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Today's News

  • More people sought unemployment aid last week

    WASHINGTON (AP) — The number of people seeking unemployment benefits rose last week. But the rise comes after applications hit their lowest level in nearly three years, and economists expect further declines as the economy improves.

    Applications rose by 26,000 to a seasonally adjusted 397,000 during the week ended March 5, the Labor Department said Thursday.

    The latest report covers the week after the Presidents' Day holiday, when many government offices were closed. Applications usually rise in weeks following holiday-shortened weeks.

  • Back to the bargaining table for Congress

    WASHINGTON (AP) — Their opening budget gambits history, lawmakers are returning to the bargaining table in search of a fiscal plan that cuts spending, as voters demanded in the last election, and could carry political value in the next one.

    The balance is particularly delicate for senators up for re-election next year. Some, mostly Democrats, bucked their parties in a pair of votes Wednesday that sank a slashing budget proposal passed by the House and killed a less onerous Senate alternative.

  • Wis. GOP bypasses Dems, cuts collective bargaining

    MADISON, Wis. (AP) — At least two dozen protesters spent the night just outside the Wisconsin state Assembly chamber in anticipation of a late Thursday morning vote on explosive union rights legislation that passed the Senate after Republicans outmaneuvered their missing Democratic counterparts and pushed through the bill.

  • Governor vows to keep up immigrant license fight

    SANTA FE, N.M. (AP) — Republican Gov. Susana Martinez vows to keep applying political pressure to the Democratic-controlled Legislature to end New Mexico's policy of granting driver's licenses to illegal immigrants.

  • Boys basketball: Updated state scores

    Boys basketball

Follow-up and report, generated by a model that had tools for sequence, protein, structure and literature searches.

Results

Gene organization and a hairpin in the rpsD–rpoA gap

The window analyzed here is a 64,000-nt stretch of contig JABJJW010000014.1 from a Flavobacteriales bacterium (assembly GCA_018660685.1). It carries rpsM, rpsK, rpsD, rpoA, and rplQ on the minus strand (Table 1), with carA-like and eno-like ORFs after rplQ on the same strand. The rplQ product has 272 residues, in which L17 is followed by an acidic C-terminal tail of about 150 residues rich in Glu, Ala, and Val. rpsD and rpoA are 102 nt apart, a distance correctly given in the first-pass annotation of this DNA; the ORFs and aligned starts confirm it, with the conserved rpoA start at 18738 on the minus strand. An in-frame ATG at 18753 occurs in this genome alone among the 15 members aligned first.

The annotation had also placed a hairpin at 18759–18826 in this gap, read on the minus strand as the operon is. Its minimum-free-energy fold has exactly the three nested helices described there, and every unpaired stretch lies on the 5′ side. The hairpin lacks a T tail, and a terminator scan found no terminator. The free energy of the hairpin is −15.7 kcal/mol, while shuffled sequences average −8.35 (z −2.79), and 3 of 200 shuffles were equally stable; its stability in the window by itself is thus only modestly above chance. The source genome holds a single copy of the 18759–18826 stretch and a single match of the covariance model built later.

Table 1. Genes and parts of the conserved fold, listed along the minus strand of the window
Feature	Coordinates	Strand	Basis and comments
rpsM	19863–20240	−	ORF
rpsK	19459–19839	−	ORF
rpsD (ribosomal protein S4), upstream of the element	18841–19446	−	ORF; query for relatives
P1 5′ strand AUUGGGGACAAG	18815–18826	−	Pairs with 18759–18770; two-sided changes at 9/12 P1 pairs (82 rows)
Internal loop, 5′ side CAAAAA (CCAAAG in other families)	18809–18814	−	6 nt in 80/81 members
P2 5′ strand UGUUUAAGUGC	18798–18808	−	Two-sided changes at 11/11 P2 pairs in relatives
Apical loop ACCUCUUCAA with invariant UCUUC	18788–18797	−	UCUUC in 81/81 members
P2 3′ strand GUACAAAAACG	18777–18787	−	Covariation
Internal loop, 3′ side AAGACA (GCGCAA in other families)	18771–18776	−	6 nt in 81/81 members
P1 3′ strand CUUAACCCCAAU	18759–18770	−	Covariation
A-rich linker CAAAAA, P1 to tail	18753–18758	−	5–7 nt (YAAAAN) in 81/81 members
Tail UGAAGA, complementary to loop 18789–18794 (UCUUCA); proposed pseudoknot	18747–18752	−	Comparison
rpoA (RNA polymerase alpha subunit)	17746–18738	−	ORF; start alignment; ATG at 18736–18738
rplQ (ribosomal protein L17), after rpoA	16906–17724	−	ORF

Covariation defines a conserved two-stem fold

Quarterfinals

     

    Class 5A

    Clovis 79, Valley 46

     

    Class 4A

    Piedra Vista 63, Roswell 52

     

    Class 3A

    Sandia Prep 52, Portales 41

     

    Class 2A

    Mesilla Valley Christian 66, Bosque School 65, 2OT

     

    Class B

    Reserve 64, Valley Christian 45

    Wagon Mound 75, Elida 57

  • Tax time help available

    Nobody likes being nagged, but I’m going to risk reader displeasure by reminding everyone that there are hefty financial consequences if you owe income taxes and do not file a return on time – or at least request a filing extension.
    Ordinarily, the federal income tax deadline is April 15; but this year the IRS has granted a reprieve until April 18. Nevertheless, here’s why procrastinating is a bad idea:

  • Loans for legacy; equity for growth

    Anyone looking for a business investor must examine their personal goals before looking for funding – different reasons for starting a business mean different ways of finding money.
    Venture capitalists classify entrepreneurial businesses into two groups: growth businesses and lifestyle, or legacy, businesses. Only growth businesses will be attractive to venture-capital firms.

  • Be There 03-09-11

    Today
    Bingo to benefit Right to Life will be at 7 p.m. at the Knights of Columbus Hall. Food will be available for a donation.

    The Barranca Book Fair is open to the community March 9 and 10 and March 14-16. The event is hosted by the Barranca Mesa PTO and items for sale will include books for pre-schoolers to 6th graders, and gift items. Visitors must stop at the office for a visitor’s pass. Hours of the book fair are8:30 a.m.-4:30 p.m. Wednesday; 8:30 a.m.-6 p.m. Thursday; 8:30 a.m.-5:30 p.m. March 14-15; and 8:30 a.m.-4 p.m. March 16.

  • Holland is a winner

    Marion Holland of Los Alamos is presented with a $100 gift card from Smith’s by Los Alamos Monitor circulation director Mike Lippiatt, publisher Keven Todd and editor John Severance.

  • Take the time to lend a hand

    When was the last time you did something kind for someone else?
    This week we look at asset number 26, the asset of caring. This asset is achieved when young people place a high value on helping others.  
    Back in the day, I worked at a radio station in Idaho. One holiday season some young people called the station and asked if I would call a certain phone number and tell them to look on the porch. Presumably, there was a surprise waiting for the person on the other end of the phone line.